[MOO-e een-kee-ET-ah, very worried] Ryan has a mass in his nasal cavity. We had it biopsied today. That was fun. Actually, it wasn’t too bad. The doctor was great, very gentle, numbed the inside of his nose topically, asked if Ryan felt anything. A lovely man, by all evidence to date, a good doctor. Ryan is a trooper, to put it mildly. I know he’s worried – he asked tonight, "What is a biopsy?" I told him it’s where they take a bit of tissue to see what the fungus is all about before they operate.
Yeah, gotta operate. Soon.
We went to the doctor because he breathes through his mouth, always has. A few months ago, he went off all the asthma meds he’s been on since about 4 years old. His breathing is fine – at least his lungs are fine. But he is still always congested, so we thought it must be a structural problem. So off to the doctor…
I made appointments with two doctors, highly recommended on the Costa Rica Living Group: Dr. Ariel Miremberg Rubenstein at CIMA and Dr. Luis Arce Rodriguez at Clinica Catolica. Dr. M scoped Ryan’s nostrils (looks surprisingly like Hal’s colon: pink and slippery.) Except for a couple of polyps, two gigantic adenoids, gigantic turbinates (the finger like things that run from your nose down into the back of your nasal cavity) and a deviated septum. Definitely need surgery to fix those. $4,000, including the hospital.
I can’t help it: I’m fixated on how much things cost and what you get for your money. Makes me a good buyer agent. Like that’s doing me a lot of good these days. Besides, the doctor quotes the price to you right there. I’m always impressed by that. Anyway, Dr. M also said to get a CAT scan to make sure there was nothing else going on. That was last Tuesday.
Last Thursday, at our second opinion, Dr. Arce Rodriguez basically repeated the procedure, diagnosis and request for a CAT scan. We did the scan that day at Clinica Catolica. ($200. Practically free.) Today we went back to Dr. AR, picking up the CAT results. He was visibly not happy when he saw them. I hate that look.
He scoped Ryan again and found some of the ugliness: something not pink and slippery. As we were staring at it on the screen, Dr. AR turned to me and said, "It looks like a fungus." That was good news to me. In my chelation zeal, I have come to know that fungus (basically Candida or yeast) plays a huge role in everything wrong from autism to zits. I know what to do about fungus: GSE, biotin and activated charcoal and zero sugar in any form.
By eerie coincidence, my first box of goodies arrived today at the correo: the chelation bible, Amalgam Illness, and supplements including the three above. So yeast is on the way out. Plus we added a little baking soda to the neti routine. Baking soda is good for everything.
I’ve always felt like the next right thing was happening even when the decision-making process seemed completely irrational. Choosing my college ("It looks like a college, Mom," was the best explanation I could come up with but really it just felt right), trying theatre, moving to NYC, then Key West, meeting Hal. The first time I saw Hal, I remember thinking he was the best looking man I’d ever seen and that was two years before I met him. Then we eloped, adopted… I got into real estate. None of it planned… Jeez, we moved to Costa Rica after about 15 minutes consideration.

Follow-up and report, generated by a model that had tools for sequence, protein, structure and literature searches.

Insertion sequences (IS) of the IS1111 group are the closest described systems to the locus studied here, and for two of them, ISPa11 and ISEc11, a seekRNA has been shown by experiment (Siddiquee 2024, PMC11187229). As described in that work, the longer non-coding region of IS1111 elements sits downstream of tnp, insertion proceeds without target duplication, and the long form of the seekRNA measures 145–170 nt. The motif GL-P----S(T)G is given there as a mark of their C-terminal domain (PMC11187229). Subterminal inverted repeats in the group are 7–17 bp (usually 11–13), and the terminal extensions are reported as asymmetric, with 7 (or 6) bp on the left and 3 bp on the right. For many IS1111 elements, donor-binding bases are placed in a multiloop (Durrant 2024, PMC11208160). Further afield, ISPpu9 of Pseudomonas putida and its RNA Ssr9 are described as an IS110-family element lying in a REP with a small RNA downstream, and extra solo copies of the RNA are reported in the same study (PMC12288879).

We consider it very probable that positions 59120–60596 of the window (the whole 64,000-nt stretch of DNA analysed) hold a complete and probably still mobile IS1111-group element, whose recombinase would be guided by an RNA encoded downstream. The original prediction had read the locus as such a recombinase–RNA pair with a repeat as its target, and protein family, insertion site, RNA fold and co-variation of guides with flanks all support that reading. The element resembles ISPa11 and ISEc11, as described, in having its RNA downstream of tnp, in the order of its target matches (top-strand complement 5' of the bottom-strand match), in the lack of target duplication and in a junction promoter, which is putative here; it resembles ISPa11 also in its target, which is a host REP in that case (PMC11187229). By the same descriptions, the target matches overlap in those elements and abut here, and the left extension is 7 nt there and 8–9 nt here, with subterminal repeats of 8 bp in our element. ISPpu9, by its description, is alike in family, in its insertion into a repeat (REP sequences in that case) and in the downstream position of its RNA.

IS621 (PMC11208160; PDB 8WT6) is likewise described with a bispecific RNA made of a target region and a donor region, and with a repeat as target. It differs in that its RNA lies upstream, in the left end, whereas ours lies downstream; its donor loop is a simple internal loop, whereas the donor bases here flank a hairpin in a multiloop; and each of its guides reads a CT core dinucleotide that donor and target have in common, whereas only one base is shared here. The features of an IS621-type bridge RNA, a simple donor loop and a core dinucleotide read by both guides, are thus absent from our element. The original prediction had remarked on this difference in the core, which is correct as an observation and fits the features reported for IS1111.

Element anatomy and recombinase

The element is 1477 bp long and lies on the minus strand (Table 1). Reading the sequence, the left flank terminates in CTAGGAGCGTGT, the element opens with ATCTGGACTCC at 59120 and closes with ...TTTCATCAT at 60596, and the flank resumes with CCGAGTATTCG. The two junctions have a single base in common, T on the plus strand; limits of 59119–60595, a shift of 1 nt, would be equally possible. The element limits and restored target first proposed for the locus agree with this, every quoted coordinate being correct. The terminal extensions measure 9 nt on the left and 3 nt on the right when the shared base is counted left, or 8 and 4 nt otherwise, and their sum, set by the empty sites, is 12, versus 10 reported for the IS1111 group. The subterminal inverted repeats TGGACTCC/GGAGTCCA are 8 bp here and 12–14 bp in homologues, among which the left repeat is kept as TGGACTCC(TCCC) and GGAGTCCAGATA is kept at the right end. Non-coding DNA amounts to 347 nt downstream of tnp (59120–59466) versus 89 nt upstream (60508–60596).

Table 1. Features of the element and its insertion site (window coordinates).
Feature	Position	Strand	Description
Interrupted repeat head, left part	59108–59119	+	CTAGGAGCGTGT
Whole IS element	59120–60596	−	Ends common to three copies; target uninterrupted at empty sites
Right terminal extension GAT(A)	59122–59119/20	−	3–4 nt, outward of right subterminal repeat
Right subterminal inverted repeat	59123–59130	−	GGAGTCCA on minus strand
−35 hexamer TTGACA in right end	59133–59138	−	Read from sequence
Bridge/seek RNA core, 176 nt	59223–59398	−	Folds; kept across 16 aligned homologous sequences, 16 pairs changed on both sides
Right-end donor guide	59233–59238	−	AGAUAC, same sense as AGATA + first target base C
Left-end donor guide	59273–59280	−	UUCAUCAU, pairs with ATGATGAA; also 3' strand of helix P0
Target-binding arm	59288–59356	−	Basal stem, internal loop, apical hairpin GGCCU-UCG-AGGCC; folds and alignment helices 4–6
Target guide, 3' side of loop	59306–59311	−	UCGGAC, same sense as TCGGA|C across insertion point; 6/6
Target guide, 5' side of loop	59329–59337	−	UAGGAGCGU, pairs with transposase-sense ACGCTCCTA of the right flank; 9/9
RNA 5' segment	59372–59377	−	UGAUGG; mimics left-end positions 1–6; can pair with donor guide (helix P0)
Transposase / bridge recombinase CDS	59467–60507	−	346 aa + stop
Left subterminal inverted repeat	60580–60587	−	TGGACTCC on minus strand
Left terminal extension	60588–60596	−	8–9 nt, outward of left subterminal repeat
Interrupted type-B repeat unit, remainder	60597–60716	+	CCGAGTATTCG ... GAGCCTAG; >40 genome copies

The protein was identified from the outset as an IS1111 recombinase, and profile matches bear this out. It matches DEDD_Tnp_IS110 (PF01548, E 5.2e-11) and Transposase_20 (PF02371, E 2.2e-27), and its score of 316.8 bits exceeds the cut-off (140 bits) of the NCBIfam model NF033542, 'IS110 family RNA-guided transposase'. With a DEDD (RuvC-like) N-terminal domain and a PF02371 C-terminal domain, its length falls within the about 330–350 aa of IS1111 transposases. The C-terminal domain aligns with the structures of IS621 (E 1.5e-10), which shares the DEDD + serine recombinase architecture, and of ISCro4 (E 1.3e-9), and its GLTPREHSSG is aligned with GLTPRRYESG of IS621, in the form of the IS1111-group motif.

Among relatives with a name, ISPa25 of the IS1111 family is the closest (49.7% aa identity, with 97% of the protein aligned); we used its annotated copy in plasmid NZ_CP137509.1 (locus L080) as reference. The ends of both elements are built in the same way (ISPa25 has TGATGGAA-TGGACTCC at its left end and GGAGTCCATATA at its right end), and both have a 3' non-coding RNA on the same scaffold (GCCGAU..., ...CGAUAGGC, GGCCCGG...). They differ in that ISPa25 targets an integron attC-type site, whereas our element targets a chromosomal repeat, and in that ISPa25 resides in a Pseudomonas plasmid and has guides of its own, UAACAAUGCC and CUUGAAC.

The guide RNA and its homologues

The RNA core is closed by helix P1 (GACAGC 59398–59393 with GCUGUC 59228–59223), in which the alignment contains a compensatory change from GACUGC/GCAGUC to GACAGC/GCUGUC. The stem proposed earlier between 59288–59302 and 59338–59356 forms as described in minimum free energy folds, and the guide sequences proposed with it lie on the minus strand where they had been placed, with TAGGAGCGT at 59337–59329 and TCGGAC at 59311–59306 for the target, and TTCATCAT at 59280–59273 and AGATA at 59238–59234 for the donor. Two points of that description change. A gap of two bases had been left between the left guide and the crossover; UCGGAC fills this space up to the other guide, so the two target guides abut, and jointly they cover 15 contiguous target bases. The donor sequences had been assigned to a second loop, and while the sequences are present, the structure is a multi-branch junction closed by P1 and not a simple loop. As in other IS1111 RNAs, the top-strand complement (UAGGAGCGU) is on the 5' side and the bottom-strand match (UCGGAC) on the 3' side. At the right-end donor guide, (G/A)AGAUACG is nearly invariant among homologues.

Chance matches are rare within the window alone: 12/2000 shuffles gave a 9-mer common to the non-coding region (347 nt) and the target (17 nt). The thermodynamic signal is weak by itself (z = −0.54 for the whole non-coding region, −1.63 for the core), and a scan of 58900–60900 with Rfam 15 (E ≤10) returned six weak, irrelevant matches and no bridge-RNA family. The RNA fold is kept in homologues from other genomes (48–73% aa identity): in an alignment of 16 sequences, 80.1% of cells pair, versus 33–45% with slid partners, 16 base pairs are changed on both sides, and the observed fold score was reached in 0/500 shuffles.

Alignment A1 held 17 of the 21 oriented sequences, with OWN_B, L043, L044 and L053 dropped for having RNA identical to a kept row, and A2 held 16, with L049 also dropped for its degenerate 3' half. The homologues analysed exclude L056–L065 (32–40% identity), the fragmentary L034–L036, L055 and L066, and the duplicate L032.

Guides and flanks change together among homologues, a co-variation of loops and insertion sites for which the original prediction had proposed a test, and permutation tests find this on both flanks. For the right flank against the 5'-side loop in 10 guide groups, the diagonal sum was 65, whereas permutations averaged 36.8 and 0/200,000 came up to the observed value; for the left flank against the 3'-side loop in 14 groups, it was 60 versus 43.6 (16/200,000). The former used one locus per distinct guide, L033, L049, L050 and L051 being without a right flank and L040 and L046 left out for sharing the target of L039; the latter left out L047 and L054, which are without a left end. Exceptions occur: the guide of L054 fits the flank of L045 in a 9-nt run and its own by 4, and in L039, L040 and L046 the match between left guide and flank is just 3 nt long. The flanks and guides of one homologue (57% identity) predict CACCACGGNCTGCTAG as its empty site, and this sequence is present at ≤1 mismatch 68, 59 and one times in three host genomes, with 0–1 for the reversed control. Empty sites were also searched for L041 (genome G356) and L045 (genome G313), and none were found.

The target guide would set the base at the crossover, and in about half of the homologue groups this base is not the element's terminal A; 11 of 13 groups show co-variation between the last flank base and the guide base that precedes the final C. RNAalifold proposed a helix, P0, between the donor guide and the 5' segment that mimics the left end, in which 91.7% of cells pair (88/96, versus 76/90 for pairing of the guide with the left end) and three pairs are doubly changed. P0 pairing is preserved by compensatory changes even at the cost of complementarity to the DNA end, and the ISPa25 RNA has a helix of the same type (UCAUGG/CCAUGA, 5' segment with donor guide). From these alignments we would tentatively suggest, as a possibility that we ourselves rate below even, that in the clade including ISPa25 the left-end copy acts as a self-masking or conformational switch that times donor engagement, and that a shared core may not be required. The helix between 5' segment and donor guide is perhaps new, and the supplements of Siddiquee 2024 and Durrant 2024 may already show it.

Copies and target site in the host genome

That’s how it was with Ryan stopping his meds: we talked about it, then did it. Thank God or I don’t think we would have ended up here now. I’ve learned to trust this instinct about the next right thing. I’m going to trust it now.
Biopsy results are Wednesday. Since you asked: the biopsy was $50. Yeah, unbelievable. The other thing is he snips out a couple of tiny pieces of Ryan, puts them in a plastic specimen jar and tells us to cart it over to pathology. And I have the CAT scan sitting on my bureau – you keep everything and cart it back and forth. You lose it, you pay for it again. The doctor’s visits are $60 each, even including all the scopes and snips. Probably because they don’t have to have another building and staff for record-keeping and carting stuff around.
I’ll keep you posted. Meanwhile, I’m doing the zen thing and being here now. Knowing it is what it, and that giving into irrational fear (is there any other kind?) will not help anyone or anything. When I used to get nervous before going on stage, I’d tell myself, "In two hours, this will all be over." OK: in two weeks, the operation will be over and Ryan will be on the mend. I can stay sane for two weeks.
When we were getting ready to adopt, waiting on baby #1, we made the mistake of telling people. At least one in five people told me adoption horror stories. One woman, an esthetician who was waxing my legs at the time, told me a long involved story about how her sister (pour on hot wax) adopted a boy (press the cloth firmly to the hairy leg) who later went on a killing spree (rip, pat furiously) with a machine gun (apply baby powder, repeat). I endured this through both legs, front and back. Thank God, they are short. Still, I was shaking when I left.
When my neighbor, business partner and dear friend Penny was pregnant, she said people couldn’t stop telling her about their or their friend’s miscarriages and deformed babies…
So… zen or no, I’m freaked out enough. Don’t tell me any stories except short ones with happy endings. And maybe you could do a couple of things? Picture Ryan all healthy, that big fabulous smile, breathing through his nose (yes, I want everything.) And please say a little prayer. If you don’t believe in a Higher Power, just offer up words of encouragement to the universe. Thank you.